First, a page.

What is this APT Thing, Anyway?

Ther term APT has been tossed about in various forums and associated with security, hacking, terrorism, state sponsored attacks, botnets, advanced malware, next generation malware, etc.  The net result is that the term means quite different things to different people.  Gunter Ollman, VP of Research at Damballa talks about the futility of defining what an Advanced Persistent Threat is, and is not. 

I subscribe to the simplified definition as:  A malicious software threat of sufficeint engineering and limited, targeted deployment so as to defeat signature based scanners.  It is advanced in that it is tactically made to target an individual, business, or organization.  It is persistent in that its strategically contained ditribution and reduced potential for noise generation allow it to remain covertly deployed.

Damballa Blog


Flooding Your Phone, Draining Your Bank

LA Fireman’s Credit Union Records Compromised

The $889 million Los Angeles Firemen’s Credit Union has notified “an extremely small percentage” of its more than 28,000 members that private information may have been compromised.   The May 10 letter from CEO Michael Maestro said that some member’s files were “not properly moved” when the CU relocated.  The data that could have been compromised included names, addresses, phone numbers, account numbers, social security numbers and other identifiers.  “While this was an isolated incident direct related to our move, we’re carefully reviewing our operational policies and procedures to ensure this type of situation never happens again,” he added.


Espionage & Information Engagement

Jart Armin posted recently regarding ‘Information Engagement’ or Espionage being a part of every nation’s security arsenal.  I wonder about the amount of trust that we afford our own operators in this field?

All governments are suffering from, experimenting with, or regularly using this form of intelligence gathering.   Information engagement experts provide the groundwork for informed military, information operations, and strategic communications decision-making and planning by creating and broadening situational awareness through the collection and analysis of cultural, social, political and economic data derived from an indigenous population and foreign media analytics.  

The process itself can involve a range of activities, like interviewing on the ground, profiling individuals through social networks, monitoring email traffic, collecting web surfing information from ISPs and DNS providers, or utilizing web-based robots, spiders, botnets, and other data gathering tools.  These intelligence gathering efforts help inform not only military planning, but the psychological operations, network defense, operational security and media development that make up the information operations/strategic communications disciplines.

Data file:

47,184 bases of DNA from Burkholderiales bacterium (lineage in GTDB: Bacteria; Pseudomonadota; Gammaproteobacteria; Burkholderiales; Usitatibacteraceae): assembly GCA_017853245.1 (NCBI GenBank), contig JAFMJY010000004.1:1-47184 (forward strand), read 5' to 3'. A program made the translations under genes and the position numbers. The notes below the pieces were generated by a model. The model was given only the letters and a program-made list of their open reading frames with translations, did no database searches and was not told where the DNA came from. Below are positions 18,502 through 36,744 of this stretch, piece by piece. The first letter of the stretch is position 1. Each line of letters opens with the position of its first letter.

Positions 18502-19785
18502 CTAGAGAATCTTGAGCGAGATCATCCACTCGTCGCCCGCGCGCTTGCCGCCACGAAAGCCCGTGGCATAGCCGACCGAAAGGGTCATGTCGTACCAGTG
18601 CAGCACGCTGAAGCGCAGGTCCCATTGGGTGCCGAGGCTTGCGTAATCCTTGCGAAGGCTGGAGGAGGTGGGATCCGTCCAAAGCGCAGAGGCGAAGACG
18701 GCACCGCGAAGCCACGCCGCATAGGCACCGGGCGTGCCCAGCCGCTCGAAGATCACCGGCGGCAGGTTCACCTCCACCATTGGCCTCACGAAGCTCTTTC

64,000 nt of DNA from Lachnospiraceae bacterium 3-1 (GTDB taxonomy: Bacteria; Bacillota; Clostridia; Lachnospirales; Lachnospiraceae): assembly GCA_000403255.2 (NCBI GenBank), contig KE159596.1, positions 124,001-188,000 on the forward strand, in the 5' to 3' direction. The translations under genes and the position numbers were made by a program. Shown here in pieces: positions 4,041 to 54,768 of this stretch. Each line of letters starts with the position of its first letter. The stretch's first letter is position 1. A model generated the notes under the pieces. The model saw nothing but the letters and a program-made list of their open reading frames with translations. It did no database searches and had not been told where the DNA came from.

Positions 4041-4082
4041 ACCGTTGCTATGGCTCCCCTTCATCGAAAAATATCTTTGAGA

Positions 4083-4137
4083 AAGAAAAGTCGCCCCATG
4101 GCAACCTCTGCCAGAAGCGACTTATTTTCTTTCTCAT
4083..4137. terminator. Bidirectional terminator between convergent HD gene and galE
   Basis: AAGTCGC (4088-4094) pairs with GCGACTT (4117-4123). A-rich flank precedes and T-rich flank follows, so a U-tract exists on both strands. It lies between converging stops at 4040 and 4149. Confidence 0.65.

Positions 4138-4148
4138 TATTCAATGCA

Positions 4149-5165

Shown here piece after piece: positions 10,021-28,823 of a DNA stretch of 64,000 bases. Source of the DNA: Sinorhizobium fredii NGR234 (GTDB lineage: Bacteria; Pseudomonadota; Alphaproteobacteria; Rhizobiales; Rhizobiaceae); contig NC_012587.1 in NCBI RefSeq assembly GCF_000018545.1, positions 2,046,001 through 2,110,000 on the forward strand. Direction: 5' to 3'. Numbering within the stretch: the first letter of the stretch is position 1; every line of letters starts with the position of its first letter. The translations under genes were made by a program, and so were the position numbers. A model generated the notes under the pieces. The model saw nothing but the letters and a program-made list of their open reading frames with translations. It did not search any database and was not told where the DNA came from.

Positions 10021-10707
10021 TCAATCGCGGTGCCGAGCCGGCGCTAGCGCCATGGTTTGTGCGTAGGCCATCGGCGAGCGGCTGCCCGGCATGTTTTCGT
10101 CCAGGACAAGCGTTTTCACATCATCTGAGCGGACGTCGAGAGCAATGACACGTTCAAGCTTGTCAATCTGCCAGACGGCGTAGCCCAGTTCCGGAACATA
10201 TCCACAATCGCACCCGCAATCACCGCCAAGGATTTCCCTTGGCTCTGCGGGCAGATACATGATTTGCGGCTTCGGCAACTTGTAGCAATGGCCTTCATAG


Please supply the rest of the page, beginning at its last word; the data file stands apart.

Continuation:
Recent revelations about online spying from Ghostnet and Shadow network have led to news stories about researchers tracking operators from within China.  There are other reports recently of similar networks and even disposable botnets being observed intermittently.  There is a considerable lack of evidence to support the claims that the Chinese government or legitimate Chinese business is behind these networks. 

Espionage is considered a violation of law in most countries.  In the US, the National Clandestine Service is charged with balancing political correctness with covert espionage for the sake of national security, usually operating through seemingly legitimate, but expensive, contractors.  There is no doubt that China is a commercial empire, is knowledgeable in electronic warfare, and a skilled political opponent.  It would be foolish to assume that their clandestine operations and operators are inferior to those of North American or European forces, and that they would not also make use of contractors outside of their country to avoid finger-pointing.  When the tracks in the snow stop at a particular house, do you assume that the occupant is the person responsible for the tracks, or that the person responsible stopped making tracks in the snow at this location?

The evolution and wide adoption of social media by the masses and the corporate world as well, has enabled the building of cheap online espionage infrastructures.  These apparatus leverage sites such as Twitter, Facebook, LinkedIn, Blogspot, and Google Groups for building information collection and disinformation dissemination campaigns.  These new malicious networks often fly under the radar of most technologies, enabling elusive attacks and escaping attribution to any particular single source.  

Keystroke logging and forwarding, stored data theft, interception of transient data and voice communications, malware, and botnets are some of the tools for online espionage.  This is making the job of telling the good guys from the bad guys much more difficult when conducting reconnaissance of online crime groups and malware research.  Who are the spooks and who are the crooks?

Internet Evolution